- The Washington Times - Wednesday, June 27, 2018

Gary Davis, an Irishman accused of helping run the notorious Silk Road website prior to its shuttering in 2013, was cleared Wednesday to face related charges in the United States, regional media reported.

Ireland’s Supreme Court unanimously ruled 5-0 to dismiss an appeal filed by Mr. Davis aimed at preventing his extradition to the U.S., where he faces potential life imprisonment if convicted on drug, hacking and money laundering charges related to the defunct deep web bazaar, RTE reported.

The high court granted Mr. Davis a 48-hour stay to weigh the ruling and consider his options, including surrendering for extradition to the U.S. and appealing before the European Court of Human Rights.

“We are still reviewing the judgment,” Lana Doherty, a defense attorney for Mr. Davis, told The Washington Times later Wednesday.

Launched in 2011, Silk Road functioned as an online marketplace where contraband including drugs and weapons could be bought and sold using Bitcoin, ultimately facilitating upwards of $1.2 billion in illegal sales prior to being seized in September 2013 in tandem with the arrest of the site’s alleged administrator, Ross Ulbricht.

The U.S. Department of Justice announced charges against Mr. Davis shortly after Ulbricht’s arrest, including counts of narcotics conspiracy, conspiracy to commit computer hacking and money laundering conspiracy. Ireland’s High Court approved his extradition in August 2016, prompting the appeal that culminated in Wednesday’s ruling.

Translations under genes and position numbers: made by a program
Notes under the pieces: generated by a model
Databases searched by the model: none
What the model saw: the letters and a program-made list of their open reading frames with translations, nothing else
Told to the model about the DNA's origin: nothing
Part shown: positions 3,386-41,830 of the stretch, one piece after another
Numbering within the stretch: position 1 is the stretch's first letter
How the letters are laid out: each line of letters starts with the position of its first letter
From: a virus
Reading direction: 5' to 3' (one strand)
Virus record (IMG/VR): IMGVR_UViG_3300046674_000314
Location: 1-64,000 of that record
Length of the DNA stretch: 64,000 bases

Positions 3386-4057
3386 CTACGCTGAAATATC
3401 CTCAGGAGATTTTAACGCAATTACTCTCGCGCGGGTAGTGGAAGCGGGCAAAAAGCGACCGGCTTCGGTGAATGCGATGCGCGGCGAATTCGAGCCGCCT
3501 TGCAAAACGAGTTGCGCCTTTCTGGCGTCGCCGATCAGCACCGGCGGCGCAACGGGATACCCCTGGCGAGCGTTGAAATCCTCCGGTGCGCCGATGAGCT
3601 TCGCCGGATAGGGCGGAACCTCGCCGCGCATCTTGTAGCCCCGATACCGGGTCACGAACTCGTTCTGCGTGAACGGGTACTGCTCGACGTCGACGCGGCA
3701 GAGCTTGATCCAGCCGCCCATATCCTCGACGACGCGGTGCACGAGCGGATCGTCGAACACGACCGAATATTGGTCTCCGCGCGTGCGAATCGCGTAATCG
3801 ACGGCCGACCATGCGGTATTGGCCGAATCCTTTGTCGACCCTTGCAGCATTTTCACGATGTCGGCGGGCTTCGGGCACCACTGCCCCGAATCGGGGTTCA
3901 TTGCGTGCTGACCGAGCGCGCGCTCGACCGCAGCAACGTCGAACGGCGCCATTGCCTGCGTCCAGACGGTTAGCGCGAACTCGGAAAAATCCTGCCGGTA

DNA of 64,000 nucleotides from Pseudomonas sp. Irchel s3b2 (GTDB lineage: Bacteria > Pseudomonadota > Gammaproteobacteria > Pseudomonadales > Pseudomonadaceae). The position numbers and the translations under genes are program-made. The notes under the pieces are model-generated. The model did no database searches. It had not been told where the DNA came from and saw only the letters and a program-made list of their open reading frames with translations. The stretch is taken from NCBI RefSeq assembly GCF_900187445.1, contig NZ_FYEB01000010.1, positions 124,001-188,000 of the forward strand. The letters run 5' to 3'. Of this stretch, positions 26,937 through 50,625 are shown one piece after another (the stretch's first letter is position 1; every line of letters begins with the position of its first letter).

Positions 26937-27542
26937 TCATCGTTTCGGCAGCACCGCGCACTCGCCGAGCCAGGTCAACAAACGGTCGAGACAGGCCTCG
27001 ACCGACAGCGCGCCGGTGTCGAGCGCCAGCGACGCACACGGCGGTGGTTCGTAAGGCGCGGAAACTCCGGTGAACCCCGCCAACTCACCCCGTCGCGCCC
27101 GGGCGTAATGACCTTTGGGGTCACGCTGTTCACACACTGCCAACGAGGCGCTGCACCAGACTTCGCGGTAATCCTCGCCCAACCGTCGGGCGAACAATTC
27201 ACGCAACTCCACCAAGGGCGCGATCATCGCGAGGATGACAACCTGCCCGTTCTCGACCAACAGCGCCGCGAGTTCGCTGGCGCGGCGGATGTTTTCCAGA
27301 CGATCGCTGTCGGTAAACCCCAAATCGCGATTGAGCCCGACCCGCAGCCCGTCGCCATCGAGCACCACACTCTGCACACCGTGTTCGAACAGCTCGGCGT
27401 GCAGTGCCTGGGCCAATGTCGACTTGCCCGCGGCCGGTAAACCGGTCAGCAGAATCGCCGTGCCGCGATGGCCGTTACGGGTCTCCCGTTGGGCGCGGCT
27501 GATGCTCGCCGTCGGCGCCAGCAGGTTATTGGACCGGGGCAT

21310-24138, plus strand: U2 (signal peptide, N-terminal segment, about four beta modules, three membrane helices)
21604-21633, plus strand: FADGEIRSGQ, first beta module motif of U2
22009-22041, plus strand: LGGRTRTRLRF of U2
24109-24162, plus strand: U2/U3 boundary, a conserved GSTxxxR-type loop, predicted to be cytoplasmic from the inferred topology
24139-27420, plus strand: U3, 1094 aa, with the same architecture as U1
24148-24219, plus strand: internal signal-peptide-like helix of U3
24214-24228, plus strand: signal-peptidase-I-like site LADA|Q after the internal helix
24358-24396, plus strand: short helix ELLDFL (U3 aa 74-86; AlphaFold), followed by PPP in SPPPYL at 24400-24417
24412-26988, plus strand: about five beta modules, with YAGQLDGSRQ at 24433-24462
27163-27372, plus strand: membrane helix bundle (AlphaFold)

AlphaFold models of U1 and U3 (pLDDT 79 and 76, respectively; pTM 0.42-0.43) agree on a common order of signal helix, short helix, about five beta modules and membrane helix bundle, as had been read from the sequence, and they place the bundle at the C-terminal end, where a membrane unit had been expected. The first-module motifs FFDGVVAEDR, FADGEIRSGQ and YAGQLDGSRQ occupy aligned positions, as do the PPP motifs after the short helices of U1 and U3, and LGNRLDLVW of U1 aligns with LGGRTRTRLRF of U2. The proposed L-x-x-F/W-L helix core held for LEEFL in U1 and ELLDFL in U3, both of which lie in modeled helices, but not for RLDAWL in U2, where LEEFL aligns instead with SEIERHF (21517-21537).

Mr. Davis allegedly worked as a site administrator for Silk Road and was received a salary for Ulbricht in exchange for “monitoring user activity on Silk Road for problems, responding to customer service inquiries and resolving disputes between buyers and vendors,” according to the criminal indictment against him.

Defense attorneys had argued against extradition on multiple grounds, claiming in part that their client’s Asperger’s syndrome and depression should be considered by the court in light of the looming life sentence he risks if being sent abroad.

Ireland’s Supreme Court concluded that Mr. Davis had not proven that there was a real risk his fundamental rights would be infringed if extradited, RTE reported.

Ulbricht, 34, was convicted of charges related to Silk Road in 2015 and sentenced to life imprisonment.

Earlier this month, meanwhile, another one of his alleged deputies, Roger Thomas Clark, was extradited to the U.S. from Thailand after unsuccessfully fighting against facing similar charges.

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